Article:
In memoriam Pastor Hezekiel Jingoona
Pastor Hezekiel Jingoona was born in 1938 at Pitarulu, south-east of Docker River. His father was Maanma (born 1916) and his mother was Yuminiya (born 1927). His sisters were Ruby Wheeler and Maureen Bob.
Like many nomadic Aboriginal people who were given a government name for identity reasons around the time of 1960s census, Hezekiel’s Aboriginal name Tjingunya was anglicised to become his new surname Jingoona. The name Hezekiel was given to him when he was baptised by Pastor Leo Kalleski on 1 June 1962 at Areyonga, where he was later confirmed on 5 December 1965.
After his parents brought him in from the Petermann Ranges as a boy, Hezekiel grew up at Areyonga under the influence of the missionaries and various Aboriginal evangelists, who later became pastors Peter Bulla, Leo Tjukintja, Sam Protty, Theo Windy and others.
Hezekiel was tribally married to Gillian Namatjira in the late 1950s. They both adopted Frankie Wheeler when he was a baby. Gillian and Hezekiel separated in the early 1970s when he started drinking. He stopped drinking when he started training to be an evangelist in the late 1970s at Haasts Bluff. He started working as an evangelist at Areyonga in the 1980s, along with Djala Andrews and Daphne Puntjina. When the resident pastor at Mutitjulu (Samuel Protty) died, Hezekiel became the local evangelist and later pastor at Mutitjulu after he was ordained on 14 November 1999 until his death on 12 September 2018. He had also served the outlying communities of Imanpa, Ukaka and Lila for many years.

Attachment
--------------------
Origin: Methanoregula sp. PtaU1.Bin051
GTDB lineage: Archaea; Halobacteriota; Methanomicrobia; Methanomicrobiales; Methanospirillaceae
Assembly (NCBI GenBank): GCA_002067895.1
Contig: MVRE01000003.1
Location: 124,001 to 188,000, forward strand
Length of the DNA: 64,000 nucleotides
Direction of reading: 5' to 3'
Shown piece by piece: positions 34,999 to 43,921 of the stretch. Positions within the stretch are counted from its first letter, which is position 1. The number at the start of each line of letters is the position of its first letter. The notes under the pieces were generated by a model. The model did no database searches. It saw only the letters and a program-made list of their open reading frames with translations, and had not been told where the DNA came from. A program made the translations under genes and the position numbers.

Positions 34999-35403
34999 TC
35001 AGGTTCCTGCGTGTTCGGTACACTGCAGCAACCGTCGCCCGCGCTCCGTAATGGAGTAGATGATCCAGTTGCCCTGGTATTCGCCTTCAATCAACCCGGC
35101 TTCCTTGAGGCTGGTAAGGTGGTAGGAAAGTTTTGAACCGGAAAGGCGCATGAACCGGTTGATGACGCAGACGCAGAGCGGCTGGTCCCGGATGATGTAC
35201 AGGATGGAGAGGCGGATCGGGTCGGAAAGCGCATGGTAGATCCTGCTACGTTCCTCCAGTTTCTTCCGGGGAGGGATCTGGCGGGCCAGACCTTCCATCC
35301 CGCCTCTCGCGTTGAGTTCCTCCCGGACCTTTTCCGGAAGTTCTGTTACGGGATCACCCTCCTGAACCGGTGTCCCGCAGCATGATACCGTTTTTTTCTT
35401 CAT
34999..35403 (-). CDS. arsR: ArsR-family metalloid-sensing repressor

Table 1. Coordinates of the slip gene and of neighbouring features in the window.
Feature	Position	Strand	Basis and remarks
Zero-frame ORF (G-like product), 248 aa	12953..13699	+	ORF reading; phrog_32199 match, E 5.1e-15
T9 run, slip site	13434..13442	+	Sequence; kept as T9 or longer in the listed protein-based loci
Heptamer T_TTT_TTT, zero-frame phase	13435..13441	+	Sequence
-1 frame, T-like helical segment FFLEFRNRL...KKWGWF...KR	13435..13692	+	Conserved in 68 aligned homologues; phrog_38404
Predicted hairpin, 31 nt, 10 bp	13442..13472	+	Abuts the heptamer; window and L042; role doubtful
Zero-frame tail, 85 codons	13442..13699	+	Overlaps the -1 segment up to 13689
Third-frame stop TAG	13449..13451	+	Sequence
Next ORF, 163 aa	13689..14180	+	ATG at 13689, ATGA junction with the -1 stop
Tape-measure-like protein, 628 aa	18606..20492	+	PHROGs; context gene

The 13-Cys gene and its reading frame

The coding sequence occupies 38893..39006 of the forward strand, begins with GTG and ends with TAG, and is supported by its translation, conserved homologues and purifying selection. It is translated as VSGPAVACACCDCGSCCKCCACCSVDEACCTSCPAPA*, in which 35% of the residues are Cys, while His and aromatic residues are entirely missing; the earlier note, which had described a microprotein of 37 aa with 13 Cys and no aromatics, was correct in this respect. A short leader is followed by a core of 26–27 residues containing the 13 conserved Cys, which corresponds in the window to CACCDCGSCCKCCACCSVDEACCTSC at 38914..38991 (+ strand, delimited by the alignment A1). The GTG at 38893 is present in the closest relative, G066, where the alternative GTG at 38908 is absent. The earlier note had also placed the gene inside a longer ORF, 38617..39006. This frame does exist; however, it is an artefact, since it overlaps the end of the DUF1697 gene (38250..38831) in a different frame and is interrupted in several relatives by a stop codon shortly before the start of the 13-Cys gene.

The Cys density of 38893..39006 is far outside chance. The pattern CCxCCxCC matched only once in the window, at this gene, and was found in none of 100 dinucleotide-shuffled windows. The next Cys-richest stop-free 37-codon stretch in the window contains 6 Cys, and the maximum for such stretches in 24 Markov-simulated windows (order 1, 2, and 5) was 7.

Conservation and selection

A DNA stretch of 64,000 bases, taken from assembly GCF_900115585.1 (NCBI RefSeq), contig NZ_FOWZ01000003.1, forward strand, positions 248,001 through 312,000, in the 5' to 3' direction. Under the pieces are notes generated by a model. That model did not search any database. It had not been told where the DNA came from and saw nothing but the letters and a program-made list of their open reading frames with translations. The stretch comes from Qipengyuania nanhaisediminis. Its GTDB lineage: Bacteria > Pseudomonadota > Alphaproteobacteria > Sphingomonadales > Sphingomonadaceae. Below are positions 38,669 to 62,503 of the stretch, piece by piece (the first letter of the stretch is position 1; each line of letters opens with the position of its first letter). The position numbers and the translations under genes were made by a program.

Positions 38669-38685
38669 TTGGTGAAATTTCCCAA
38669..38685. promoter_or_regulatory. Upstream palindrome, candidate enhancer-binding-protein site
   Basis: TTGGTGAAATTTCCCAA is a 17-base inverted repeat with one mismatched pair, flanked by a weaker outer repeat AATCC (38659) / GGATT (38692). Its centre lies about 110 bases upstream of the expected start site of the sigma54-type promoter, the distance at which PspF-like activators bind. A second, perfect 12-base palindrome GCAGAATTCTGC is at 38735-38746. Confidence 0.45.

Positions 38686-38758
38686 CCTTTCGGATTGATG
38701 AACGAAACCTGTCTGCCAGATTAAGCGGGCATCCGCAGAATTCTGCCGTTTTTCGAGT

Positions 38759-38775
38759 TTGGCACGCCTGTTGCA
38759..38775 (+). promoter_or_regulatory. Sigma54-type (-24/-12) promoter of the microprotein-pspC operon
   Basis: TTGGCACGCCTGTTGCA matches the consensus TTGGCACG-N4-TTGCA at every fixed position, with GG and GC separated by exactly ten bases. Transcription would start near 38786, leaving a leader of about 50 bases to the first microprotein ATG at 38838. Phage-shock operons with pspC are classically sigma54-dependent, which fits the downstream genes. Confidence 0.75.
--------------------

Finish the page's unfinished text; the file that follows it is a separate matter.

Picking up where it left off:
A long-term cultural heritage advisor to Parks Australia until he retired a few years ago, Hezekiel taught staff and visitors about Aboriginal culture and its importance within the Uluru-Kata Tjuta National Park. He also mentored junior rangers, helping them build skills and gain employment within the park. This important work was recognised nationally when he was named Male Elder of the Year as part of 2012 NAIDOC Week celebrations.
But being pastor to the people of Mutitjulu was equally important for Hezekiel as his cultural work. He once said, ‘Although I am a park manager I take the time to go to all the bush courses for pastors.’
Hezekiel is survived by his wife Millie and his adopted son Frankie Wheeler.